Dogs Don't Look Both Ways

A Primer on Unintended Consequences

Fiction - Animals
164 Pages
Reviewed on 03/09/2015
Buy on Amazon

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Author Biography

The most common comments I receive from people are, "Are you still biking?" and "You can afford to eat anything you want." The answer to the first is - sometimes, and the answer to the second is "No I can't."

Since I left my teaching ESL and remedial writing position in Brooklyn, NY, to marry Phil (here in Boston) and focused on my educational software business (teaching writing), I've spent way too many hours sitting at a computer. The upside of all this, other than being married to Phil, is that I've had my poetry and essays published in numerous print and online journals such as "Poetica Magazine," "The Persimmon Tree", "Every Writer's Resource," and others. I also met an amazing dog named Joey. My book, Dogs Don't Look Both Ways, recently received the prestigious B.R.A.G. Medallion. I am involved with many and varied local community activities, such as bicycle and pedestrian safety, feeding the hungry, and literacy.

I still spend way too much time on the computer, which I am always trying to find a way around.

    Book Review

Reviewed by Jack Magnus for Readers' Favorite

Dogs Don’t Look Both Ways is a fictionalized memoir written by Jane Hanser. It’s Joey’s story from the time he was born, along with his eight other brothers and sisters to mother Cocoa. Joey is a Labrador retriever. His bloodlines are quite distinguished with a number of champion hunters and field labs in his ancestry. Joey lived happily with his dog family until each puppy went to their new human families. One day, there was just he and his sister left, and then him. Joey’s human family came by to visit with him, and then they took him home with them. There was Mom and Dad, and his new human sister, Vivi, whom he slept with at night. As he grew a little bigger, Dad started taking him out on morning runs, which were wonderful. Every day presents new opportunities for Joey to spend time with Mom and Dad and to explore the world around him.

There’s a reason why Labrador retrievers are the most popular dog in the US, and Jane Hanser’s entertaining and original fictionalized memoir, Dogs Don’t Look Both Ways, will have those who are lucky enough to have a Lab in their families smiling with recognition at Joey’s story, and those who aren’t, thinking about adopting a rescue Lab. Hanser’s story is charming and well-written, and, most importantly, it’s an insightful look into the thought processes of a highly intelligent and resourceful dog breed. Labs are curious and love adventures, and they need lots of human interaction.

I’m fortunate to have two wonderful Labrador retrievers in my family, and Joey’s story, both the good and the not-so-good things, resonated strongly. I especially enjoyed reading Joey’s descriptions of the runs and hikes he takes with his family and the wildlife they see along the way, and seeing the pictures that Hanser includes with the text.

Dogs Don’t Look Both Ways is highly recommended.


I am proud to announce that DOGS DON'T LOOK BOTH WAYS by Jane Hanser is a B.R.A.G. Medallion Honoree. This tells a reader that this book is well worth their time and money!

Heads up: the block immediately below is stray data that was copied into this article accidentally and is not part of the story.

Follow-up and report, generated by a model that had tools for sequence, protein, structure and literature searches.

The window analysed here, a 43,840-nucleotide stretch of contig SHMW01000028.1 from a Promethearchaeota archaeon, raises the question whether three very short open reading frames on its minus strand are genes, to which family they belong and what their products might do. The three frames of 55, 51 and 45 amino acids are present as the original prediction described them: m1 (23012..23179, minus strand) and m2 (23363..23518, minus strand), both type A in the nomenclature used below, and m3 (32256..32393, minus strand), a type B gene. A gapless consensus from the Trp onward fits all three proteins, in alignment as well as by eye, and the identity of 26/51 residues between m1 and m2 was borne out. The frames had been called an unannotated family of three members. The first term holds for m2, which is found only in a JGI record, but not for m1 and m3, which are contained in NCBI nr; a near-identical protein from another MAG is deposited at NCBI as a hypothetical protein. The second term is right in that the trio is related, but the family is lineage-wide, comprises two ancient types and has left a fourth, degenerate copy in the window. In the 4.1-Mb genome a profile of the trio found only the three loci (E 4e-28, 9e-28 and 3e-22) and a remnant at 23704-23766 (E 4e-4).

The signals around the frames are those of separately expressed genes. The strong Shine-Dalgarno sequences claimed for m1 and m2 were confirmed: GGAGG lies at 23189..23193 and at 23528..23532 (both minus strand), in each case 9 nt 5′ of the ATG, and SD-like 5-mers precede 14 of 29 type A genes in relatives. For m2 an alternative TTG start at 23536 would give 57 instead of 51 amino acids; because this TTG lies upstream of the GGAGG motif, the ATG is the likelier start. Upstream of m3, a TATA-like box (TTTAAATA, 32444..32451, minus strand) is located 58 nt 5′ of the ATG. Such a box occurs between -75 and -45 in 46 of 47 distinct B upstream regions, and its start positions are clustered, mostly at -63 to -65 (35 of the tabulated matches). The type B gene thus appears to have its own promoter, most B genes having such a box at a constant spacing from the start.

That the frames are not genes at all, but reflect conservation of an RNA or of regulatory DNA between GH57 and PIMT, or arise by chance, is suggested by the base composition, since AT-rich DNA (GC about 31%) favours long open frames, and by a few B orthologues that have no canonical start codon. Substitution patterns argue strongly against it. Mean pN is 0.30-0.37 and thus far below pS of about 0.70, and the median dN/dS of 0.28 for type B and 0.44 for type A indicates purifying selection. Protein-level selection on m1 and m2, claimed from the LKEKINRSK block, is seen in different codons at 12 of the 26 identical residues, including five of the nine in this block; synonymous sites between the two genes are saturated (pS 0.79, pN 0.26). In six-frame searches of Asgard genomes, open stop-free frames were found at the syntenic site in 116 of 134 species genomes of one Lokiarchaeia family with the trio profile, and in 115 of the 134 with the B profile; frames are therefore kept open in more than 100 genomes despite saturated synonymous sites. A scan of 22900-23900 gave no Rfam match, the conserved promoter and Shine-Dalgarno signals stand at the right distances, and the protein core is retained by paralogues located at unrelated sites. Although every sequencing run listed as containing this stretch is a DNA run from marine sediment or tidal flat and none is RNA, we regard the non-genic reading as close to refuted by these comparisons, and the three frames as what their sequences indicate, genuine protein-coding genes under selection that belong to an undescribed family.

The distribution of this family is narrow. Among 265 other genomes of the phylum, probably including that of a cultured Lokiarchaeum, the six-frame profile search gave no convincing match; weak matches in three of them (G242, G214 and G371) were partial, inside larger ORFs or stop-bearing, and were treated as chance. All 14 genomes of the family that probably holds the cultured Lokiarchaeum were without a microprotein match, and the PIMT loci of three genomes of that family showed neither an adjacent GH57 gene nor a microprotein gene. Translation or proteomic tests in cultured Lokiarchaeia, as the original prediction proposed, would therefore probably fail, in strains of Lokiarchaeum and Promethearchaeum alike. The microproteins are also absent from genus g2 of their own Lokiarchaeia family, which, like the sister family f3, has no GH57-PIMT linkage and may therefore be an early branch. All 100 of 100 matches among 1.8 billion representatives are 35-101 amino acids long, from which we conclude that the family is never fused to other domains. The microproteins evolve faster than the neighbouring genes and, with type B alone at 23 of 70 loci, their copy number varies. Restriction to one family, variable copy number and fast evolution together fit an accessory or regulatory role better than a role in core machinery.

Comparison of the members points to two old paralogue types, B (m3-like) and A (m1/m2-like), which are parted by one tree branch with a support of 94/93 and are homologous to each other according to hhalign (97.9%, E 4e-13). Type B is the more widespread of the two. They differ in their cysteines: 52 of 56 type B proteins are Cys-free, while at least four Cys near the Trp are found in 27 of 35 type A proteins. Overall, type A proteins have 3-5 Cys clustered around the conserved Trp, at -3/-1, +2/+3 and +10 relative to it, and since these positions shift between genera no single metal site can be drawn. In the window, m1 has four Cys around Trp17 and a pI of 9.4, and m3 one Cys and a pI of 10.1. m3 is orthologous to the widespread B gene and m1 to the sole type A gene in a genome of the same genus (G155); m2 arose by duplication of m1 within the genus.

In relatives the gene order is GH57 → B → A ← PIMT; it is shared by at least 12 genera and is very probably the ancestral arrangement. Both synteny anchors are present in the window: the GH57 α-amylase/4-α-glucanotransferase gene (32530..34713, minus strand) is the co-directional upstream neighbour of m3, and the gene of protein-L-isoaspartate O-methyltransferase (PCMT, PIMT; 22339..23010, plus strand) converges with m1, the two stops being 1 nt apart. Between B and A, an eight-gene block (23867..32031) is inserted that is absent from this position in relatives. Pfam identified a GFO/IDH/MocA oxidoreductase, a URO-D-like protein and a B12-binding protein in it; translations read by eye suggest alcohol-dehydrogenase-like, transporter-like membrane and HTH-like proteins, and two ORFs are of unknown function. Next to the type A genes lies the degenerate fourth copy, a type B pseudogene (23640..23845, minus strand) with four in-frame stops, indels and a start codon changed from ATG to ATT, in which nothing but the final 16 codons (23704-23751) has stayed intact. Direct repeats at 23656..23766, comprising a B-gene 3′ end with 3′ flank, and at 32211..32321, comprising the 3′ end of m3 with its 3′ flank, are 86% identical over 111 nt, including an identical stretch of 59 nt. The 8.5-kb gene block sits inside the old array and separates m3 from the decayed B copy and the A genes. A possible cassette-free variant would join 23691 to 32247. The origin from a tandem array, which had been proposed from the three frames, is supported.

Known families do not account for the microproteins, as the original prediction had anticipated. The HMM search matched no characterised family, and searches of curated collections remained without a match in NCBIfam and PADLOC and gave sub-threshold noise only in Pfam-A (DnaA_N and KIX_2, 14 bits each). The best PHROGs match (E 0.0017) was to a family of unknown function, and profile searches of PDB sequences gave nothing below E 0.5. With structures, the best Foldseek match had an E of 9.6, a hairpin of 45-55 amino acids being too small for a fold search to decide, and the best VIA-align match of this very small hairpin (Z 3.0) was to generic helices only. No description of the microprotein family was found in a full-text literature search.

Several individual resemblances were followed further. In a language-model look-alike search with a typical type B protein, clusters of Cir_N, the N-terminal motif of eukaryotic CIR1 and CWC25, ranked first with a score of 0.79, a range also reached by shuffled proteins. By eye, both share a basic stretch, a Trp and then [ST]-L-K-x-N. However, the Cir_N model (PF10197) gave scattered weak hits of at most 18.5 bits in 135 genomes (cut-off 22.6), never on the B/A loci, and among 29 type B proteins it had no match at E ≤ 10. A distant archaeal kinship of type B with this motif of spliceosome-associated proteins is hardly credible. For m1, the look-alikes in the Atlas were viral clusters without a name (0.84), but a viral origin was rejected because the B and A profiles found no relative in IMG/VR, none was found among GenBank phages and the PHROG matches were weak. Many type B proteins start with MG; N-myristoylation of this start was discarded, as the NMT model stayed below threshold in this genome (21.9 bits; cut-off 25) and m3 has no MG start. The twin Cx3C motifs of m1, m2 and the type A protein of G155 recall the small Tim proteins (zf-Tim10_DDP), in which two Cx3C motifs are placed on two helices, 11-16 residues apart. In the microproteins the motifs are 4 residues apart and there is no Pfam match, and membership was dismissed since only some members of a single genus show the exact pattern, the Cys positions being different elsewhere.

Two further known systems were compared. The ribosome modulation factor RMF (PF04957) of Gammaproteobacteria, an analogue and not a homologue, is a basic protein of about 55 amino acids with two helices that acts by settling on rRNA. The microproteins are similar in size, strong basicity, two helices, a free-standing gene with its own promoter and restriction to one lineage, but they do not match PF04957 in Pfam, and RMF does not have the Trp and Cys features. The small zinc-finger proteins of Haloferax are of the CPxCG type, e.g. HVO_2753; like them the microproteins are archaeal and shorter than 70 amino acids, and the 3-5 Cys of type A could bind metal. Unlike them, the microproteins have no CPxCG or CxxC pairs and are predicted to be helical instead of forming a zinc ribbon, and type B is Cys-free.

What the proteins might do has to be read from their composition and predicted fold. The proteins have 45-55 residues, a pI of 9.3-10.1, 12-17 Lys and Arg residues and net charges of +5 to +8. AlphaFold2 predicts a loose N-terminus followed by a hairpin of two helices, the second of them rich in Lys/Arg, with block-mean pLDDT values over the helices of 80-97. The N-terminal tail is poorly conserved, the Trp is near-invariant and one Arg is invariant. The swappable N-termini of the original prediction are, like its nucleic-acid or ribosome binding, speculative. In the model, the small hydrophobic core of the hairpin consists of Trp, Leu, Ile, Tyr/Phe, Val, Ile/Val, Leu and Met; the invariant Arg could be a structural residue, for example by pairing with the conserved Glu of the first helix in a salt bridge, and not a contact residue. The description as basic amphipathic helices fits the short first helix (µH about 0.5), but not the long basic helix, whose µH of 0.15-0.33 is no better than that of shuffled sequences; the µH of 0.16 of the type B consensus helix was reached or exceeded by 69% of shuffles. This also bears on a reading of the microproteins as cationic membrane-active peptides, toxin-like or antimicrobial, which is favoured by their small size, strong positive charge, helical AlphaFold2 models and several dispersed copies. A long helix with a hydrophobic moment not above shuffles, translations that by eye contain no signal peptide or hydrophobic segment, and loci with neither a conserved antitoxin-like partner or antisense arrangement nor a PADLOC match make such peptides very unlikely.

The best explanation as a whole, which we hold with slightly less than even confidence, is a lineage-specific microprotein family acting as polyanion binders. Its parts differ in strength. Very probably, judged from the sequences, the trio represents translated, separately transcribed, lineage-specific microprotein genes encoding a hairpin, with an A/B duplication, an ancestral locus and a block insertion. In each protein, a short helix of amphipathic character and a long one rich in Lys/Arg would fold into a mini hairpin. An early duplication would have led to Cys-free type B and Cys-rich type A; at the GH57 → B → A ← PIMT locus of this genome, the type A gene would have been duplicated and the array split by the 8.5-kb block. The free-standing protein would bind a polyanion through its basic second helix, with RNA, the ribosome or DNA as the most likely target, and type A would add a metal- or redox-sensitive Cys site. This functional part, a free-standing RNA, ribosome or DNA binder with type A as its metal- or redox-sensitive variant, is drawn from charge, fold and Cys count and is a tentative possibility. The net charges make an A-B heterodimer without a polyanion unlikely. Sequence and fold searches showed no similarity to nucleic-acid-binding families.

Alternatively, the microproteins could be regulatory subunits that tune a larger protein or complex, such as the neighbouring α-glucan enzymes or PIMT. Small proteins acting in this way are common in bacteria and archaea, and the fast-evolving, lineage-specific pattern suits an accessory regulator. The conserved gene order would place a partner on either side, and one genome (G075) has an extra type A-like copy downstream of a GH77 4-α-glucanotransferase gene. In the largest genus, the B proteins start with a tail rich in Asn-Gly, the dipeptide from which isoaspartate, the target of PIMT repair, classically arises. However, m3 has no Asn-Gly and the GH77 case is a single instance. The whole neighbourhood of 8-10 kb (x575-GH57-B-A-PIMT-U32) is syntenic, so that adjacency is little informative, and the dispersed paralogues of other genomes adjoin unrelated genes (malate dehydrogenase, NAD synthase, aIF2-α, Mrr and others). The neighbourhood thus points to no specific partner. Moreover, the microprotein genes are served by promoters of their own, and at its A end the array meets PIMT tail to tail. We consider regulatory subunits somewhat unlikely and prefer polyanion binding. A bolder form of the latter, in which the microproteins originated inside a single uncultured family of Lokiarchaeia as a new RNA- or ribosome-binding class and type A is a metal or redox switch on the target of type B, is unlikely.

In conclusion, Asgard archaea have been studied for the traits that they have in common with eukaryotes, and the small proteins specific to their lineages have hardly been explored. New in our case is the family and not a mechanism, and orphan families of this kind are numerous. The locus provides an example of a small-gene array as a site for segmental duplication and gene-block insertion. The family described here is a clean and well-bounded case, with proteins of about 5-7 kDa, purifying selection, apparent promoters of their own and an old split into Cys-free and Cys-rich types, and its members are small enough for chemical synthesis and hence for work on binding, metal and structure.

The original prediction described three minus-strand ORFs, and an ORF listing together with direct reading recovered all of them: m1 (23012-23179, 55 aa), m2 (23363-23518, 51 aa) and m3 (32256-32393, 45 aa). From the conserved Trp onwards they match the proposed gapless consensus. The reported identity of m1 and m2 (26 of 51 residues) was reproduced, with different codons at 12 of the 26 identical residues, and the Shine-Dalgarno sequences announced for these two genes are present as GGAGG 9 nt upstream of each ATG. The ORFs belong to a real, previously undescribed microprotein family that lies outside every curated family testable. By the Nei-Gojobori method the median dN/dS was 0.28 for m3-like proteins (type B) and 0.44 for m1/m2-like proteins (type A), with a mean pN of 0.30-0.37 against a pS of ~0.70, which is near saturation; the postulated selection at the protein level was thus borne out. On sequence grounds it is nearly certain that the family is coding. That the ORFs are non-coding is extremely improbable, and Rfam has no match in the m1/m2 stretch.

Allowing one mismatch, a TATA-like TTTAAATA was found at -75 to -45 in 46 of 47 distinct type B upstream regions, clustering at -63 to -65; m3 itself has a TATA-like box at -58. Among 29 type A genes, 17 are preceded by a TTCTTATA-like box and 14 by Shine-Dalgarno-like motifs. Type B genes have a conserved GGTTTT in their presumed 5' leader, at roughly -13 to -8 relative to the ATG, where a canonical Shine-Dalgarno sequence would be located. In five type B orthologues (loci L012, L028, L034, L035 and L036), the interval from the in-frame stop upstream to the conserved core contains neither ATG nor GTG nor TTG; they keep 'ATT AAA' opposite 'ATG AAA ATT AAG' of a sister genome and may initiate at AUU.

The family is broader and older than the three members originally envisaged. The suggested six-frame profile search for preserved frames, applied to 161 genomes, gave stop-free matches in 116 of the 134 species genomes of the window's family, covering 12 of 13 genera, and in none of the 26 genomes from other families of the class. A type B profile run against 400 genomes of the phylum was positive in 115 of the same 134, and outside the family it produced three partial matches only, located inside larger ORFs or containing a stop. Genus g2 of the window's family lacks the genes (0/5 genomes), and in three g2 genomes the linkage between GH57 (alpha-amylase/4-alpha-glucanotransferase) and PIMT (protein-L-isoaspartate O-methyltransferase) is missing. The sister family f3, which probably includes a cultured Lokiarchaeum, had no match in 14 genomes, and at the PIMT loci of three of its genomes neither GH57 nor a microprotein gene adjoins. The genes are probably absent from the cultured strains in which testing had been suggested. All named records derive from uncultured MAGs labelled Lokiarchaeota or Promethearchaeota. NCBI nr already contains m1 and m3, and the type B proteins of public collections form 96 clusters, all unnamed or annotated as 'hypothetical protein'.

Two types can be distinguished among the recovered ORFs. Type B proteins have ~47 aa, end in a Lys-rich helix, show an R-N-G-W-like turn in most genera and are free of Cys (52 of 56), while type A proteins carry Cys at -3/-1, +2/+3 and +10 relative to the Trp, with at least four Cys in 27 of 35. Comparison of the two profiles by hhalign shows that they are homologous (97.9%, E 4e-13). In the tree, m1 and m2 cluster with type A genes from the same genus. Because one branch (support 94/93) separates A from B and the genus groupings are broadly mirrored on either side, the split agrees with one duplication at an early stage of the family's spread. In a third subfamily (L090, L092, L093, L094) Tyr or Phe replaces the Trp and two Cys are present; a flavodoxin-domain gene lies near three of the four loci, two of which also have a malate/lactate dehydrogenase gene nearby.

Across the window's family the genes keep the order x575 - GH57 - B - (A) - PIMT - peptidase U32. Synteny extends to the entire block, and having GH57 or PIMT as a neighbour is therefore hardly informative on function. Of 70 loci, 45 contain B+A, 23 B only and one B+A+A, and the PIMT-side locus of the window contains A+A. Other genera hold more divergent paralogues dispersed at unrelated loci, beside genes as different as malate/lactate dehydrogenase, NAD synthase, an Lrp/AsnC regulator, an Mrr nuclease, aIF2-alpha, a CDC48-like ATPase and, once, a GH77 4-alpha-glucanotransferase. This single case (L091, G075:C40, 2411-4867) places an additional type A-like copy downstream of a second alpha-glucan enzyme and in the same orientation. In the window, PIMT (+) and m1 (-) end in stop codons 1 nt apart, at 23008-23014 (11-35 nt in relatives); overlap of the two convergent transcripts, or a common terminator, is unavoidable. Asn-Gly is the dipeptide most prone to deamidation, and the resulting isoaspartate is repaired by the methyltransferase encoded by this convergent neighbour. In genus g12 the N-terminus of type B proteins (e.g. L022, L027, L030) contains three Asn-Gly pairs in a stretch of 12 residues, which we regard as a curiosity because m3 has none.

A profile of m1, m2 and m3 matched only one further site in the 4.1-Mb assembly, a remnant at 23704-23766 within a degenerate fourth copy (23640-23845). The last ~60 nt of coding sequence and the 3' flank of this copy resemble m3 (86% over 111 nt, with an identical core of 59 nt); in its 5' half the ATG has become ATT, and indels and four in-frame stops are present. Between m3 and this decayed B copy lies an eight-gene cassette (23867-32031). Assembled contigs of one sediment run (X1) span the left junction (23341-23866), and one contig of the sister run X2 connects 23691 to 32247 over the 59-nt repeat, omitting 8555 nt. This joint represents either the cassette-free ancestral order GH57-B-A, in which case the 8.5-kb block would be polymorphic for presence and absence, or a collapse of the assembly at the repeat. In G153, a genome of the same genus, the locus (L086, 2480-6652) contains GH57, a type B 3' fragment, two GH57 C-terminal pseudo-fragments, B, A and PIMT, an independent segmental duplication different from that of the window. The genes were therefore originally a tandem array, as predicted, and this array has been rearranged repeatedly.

B.R.A.G. Medallion Honoree for Literary Fiction

The Kindle Book Review

I have met a lot of dogs during my journey here on earth. Short, fat dogs. Tall, fat dogs. Snappy dogs, yippy dogs, and the kind with the deep-throated “WOOF.” I like dogs. I don't mind dogs. I've only ever loved one or two, but the rest are okay and I guess they feel the same way about me. I believe dogs and I have an understanding which says, “You will not lick my face and call it a kiss,” to which the dog replies, “As if!”

I have never, however, come to know a dog as deeply and intimately as I know Joey. I will not lie: Hanser was waging an uphill battle, trying to tell the story from the dog's point of view. The book could have gone kitschy real fast, but Hanser pulled it out of “golly gee whillakers” cuteness-overload. Correction: Hanser let Joey pull it out.

Joey does not speak from the voice of the author. Joey speaks Dog, as in “People were looking at me, calling, “Joey.” They were looking at me and saying, “Joey, come” and “Joey, sit” and “Good boy, Joey!” So Joey I suddenly was.” Is this the best example of Joey's voice? No. The book is full of good examples and better examples and you will just have to read it. I can't sit here and quote all the good parts, otherwise I would be quoting 80% of Joey's story.

Dogs Don't Look Both Ways is a quick read. Is it a MUST Read? I'll let you be the judge. Joey would like that.

This reviewer received a free copy of the book through the Kindle Book Review, in exchange for a fair and honest review.

Jeanne A Stauffer

Jane Hanser's lovely work, Dogs Don't Look Both Ways, is an endearing tale of the unconditional love between human and canine. This is a book that will certainly charm adults, but I think it is a must read for young teens. Hanser's tale takes us through that deeply emotional journey that every pet owner will recognize, and ends with a beautiful image that is at once hopeful and haunting. Educators at both the middle school and high school levels should take note of this happily unique addition to the genre.